ESF Education Helps Alumnus Launch Agritourism Success
Critz Farms expands into craft beverage movement
It's autumn and Matthew Critz '77 is excited about pumpkins; come springtime he will be captivated by all things maple. "I get really into whatever it is I'm doing and right now I'm getting a kick out of growing pumpkins," he said. Critz is the co-owner and president of Critz Farms Inc., a diversified agricultural operation focused on community entertainment and education.
Critz used his ESF education as a springboard for the development of a farming operation that has been named New York State Agribusiness of the Year by the New York State Department of Economic Development. For more than 30 years, Critz has worked to expand and improve his business, demonstrating entrepreneurial spirit, commitment to the public and passion for each of his many enterprises.
Critz Farms sits on a 325-acre property on State Route 13 in Cazenovia, New York. Much of the land is protected through the New York State Farmland Protection Program. The farm's primary crops include pumpkins, apples and a variety of conifer trees grown as Christmas trees and for landscaping purposes. Other crops include gourds, decorative corn, strawberries, blueberries, flowers, barley and hops. The farm uses these and other local ingredients to handcraft products such as sweet apple cider, New York cheddar cheese, pure maple syrup, balsam fir wreaths, farm-brewed craft beer and hard cider.
Critz Farms is also an award-winning agritourism destination that offers a broad spectrum of family-friendly activities. Open 10 months a year, the farm offers several U-pick crops, cider and maple syrup-making demonstrations, cornfield mazes, wagon rides, educational farm tours, seasonal events and festival entertainment. The property also features playgrounds, animal areas, a full service cafe, a gift shop and a tasting room.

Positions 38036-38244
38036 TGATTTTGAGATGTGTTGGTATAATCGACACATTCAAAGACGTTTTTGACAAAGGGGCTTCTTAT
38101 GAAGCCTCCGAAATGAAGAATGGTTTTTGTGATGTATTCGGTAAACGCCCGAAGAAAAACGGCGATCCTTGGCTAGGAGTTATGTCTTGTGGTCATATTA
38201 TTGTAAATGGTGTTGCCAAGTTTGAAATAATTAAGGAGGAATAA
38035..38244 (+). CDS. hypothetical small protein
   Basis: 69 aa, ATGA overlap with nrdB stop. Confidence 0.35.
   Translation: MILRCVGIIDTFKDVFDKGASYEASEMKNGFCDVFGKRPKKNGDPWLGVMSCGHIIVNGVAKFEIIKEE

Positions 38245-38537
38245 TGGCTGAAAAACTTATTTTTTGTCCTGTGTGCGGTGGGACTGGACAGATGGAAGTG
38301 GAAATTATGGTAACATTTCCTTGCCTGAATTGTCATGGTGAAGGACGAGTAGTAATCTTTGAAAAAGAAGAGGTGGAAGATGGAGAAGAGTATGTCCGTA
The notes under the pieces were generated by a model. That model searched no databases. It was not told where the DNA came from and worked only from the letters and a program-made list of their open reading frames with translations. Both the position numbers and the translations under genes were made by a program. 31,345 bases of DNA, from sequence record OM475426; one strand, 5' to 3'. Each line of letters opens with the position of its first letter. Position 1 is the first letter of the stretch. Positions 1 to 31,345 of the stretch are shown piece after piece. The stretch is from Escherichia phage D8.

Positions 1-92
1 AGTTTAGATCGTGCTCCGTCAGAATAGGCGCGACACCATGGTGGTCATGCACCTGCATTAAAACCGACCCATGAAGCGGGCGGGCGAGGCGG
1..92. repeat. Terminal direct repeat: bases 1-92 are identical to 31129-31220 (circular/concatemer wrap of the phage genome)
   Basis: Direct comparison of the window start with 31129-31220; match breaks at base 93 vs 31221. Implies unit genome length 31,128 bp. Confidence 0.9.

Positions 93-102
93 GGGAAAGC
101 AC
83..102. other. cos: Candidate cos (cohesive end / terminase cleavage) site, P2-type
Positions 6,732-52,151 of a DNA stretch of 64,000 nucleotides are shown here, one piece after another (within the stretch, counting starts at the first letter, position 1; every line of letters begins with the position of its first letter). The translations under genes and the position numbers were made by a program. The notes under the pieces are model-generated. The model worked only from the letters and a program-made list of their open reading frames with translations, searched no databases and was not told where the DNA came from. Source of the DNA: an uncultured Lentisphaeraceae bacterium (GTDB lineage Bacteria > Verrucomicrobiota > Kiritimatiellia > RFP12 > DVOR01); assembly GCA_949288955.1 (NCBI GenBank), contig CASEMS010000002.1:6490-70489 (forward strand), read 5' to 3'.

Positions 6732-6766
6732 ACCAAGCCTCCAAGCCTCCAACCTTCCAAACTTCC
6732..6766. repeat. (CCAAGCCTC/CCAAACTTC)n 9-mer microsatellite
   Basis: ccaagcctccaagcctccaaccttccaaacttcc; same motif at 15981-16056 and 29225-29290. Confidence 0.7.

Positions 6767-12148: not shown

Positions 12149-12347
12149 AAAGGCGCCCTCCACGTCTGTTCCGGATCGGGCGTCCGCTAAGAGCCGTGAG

Critz earned his bachelor's degree in forest engineering from ESF in 1977. Following graduation, he became a partner in a Christmas tree farm in the Adirondacks. "At ESF you are a forestry student first and foremost," he said. "Christmas tree farming seemed like a perfect way to put my forestry degree to practical use." During this time, Critz discovered his interest in retail, and when the partnership dissolved he decided to start a U-pick Christmas tree farm of his own.
In 1985 Critz and his wife, Juanita, purchased a 125-acre farm in Cazenovia-just 30 minutes from his alma mater-and began welcoming visitors. Critz dealt exclusively with Christmas trees until a friend suggested he grow U-pick pumpkins. "We tried it," he said. "We got a bunch of people out to pick pumpkins and it was fun, but we kept getting the feeling that they wanted more. They wanted a tractor ride, so we added that; they wanted animals, so we added those." From the start, Critz has sought to strike a balance between listening to the public and doing the things he enjoys.
In recent years, Critz Farms has emerged as a local leader in the craft beverage movement, specializing in the production of small-batch hard ciders and farm-brewed beers. The products are handcrafted from ingredients grown on the farm. The Harvest Moon Cidery, established in 2011, has been recognized at international wine and cider competitions for producing hard ciders of exceptional quality. The craft beer line is Critz's latest venture; he started the enterprise last fall, hiring a brewer, installing equipment and introducing a selection of full-flavored, American-style ales. In 2015, the cidery and brewery were consolidated to form the Critz Farms Brewing & Cider Company.